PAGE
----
Newton Faulkner @ The Roundhouse, Chalk Farm, London
6th March 2008
So Chalk Farm was the place for the return leg of the gigging xmas presents between me and my friend Nic. A pop gig with serious radio appeal, which also showcases great talent was the show this evening. So after grabbing dinner on the Camden Lock, we rambled down to the Roundhouse, which is exactly that…round!
This being my first visit to the Roundhouse, I feel obliged to sing its praises as a live music venue. This place really has it all, good size for medium to large fan based artists, superb design, clearly had a sparkling refit, yet still retains the rustic charm of the age old cavernous building which once housed a huge turntable to rotate trains. The venue soars high into the night sky and the sound is perfectly resonated throughout the building. The elated atmosphere bounces so perfectly off these walls in abundance!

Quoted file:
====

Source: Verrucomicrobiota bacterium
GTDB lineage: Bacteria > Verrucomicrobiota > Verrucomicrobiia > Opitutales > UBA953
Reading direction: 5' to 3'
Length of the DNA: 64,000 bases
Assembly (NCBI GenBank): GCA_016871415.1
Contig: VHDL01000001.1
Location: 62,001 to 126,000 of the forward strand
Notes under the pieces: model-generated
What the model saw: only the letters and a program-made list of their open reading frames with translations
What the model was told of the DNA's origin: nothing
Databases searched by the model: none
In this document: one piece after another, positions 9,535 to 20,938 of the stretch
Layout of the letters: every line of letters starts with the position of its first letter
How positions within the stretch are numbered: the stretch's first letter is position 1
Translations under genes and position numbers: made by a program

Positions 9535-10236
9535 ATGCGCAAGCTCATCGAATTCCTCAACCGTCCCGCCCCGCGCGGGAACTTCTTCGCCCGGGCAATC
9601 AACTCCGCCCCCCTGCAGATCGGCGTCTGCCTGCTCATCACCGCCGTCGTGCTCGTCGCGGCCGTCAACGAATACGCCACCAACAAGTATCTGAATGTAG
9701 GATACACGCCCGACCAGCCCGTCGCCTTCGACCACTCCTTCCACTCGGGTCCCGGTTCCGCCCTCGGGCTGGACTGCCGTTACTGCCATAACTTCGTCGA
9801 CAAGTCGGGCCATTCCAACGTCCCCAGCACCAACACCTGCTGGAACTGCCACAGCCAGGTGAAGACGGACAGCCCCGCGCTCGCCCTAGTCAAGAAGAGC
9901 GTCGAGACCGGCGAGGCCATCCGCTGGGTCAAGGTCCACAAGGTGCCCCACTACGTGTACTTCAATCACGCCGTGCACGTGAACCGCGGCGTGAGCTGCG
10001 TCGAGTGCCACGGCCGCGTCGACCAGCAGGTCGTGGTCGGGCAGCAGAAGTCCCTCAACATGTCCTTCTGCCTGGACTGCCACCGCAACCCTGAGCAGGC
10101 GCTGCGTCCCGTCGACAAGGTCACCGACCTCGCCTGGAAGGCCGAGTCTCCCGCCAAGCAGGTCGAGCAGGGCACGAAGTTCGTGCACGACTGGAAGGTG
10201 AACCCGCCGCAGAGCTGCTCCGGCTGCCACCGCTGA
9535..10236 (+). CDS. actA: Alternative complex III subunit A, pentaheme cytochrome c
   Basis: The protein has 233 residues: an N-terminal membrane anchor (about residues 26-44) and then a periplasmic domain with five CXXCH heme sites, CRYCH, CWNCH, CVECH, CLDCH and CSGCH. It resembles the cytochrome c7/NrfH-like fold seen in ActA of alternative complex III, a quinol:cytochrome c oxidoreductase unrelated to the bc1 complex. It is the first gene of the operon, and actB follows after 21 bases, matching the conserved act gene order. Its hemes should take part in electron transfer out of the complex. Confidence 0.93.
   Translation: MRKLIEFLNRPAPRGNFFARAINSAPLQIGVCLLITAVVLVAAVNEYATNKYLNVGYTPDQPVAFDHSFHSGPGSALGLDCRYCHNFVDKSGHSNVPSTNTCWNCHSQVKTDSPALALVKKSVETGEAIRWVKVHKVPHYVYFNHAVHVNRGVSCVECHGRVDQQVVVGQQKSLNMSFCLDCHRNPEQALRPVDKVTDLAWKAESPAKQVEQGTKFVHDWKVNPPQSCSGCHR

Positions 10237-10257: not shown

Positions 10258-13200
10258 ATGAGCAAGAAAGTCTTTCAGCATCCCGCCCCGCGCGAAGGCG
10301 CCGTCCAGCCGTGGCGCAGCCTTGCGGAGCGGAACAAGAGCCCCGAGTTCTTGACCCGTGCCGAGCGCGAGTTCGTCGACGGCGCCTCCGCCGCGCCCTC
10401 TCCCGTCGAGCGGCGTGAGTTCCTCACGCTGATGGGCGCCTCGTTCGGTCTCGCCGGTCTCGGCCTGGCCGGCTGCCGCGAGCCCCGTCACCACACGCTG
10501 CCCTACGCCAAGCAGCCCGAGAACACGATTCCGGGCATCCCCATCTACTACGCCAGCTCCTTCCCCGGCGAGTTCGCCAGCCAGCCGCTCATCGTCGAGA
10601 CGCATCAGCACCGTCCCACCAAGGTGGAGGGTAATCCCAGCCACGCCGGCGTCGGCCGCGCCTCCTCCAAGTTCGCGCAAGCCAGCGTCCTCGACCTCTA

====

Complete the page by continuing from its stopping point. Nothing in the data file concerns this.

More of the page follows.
Newton Faulkner is a rare talent in the current crop pop and radio friendly singer songwriters. For a start he doesn’t take himself to seriously. His rather unique appearance with his ginger dreadlocks plus his amazing talent for crafting superb pop songs with some really inventive stripped down guitar melodies. The full range of acoustic double tapping, body drumming, harmonic pinching, finger picking, with great vocals and amusing comical banter were on show with minimal need for a backing band.
The charm of the oddity on stage was highly evident and with his very funny between track ramblings, you just really like the guy. Faulkner floated through the majority of his debut album with expert ease with the top tracks being Ageing Superhero, I Need Something and Gone In The Morning fresh with an funny extended improvised ba-ba, de-de-lums & do-wop vocal solo.
Where the crowd was lacking here this evening was the knowledge of album tracks as most here were clearly radio one junkies who have heard the singles. Yet Newton engaged all with a stupendous (if not strange) compelling cover version of Bohemian Rhapsody, classic…hmmm! But sadly the time had come to leave so droves of gatherers piled onto the streets with smiles on their faces, a song in their hearts and a spring in their steps, thus is the Faulkner Effect!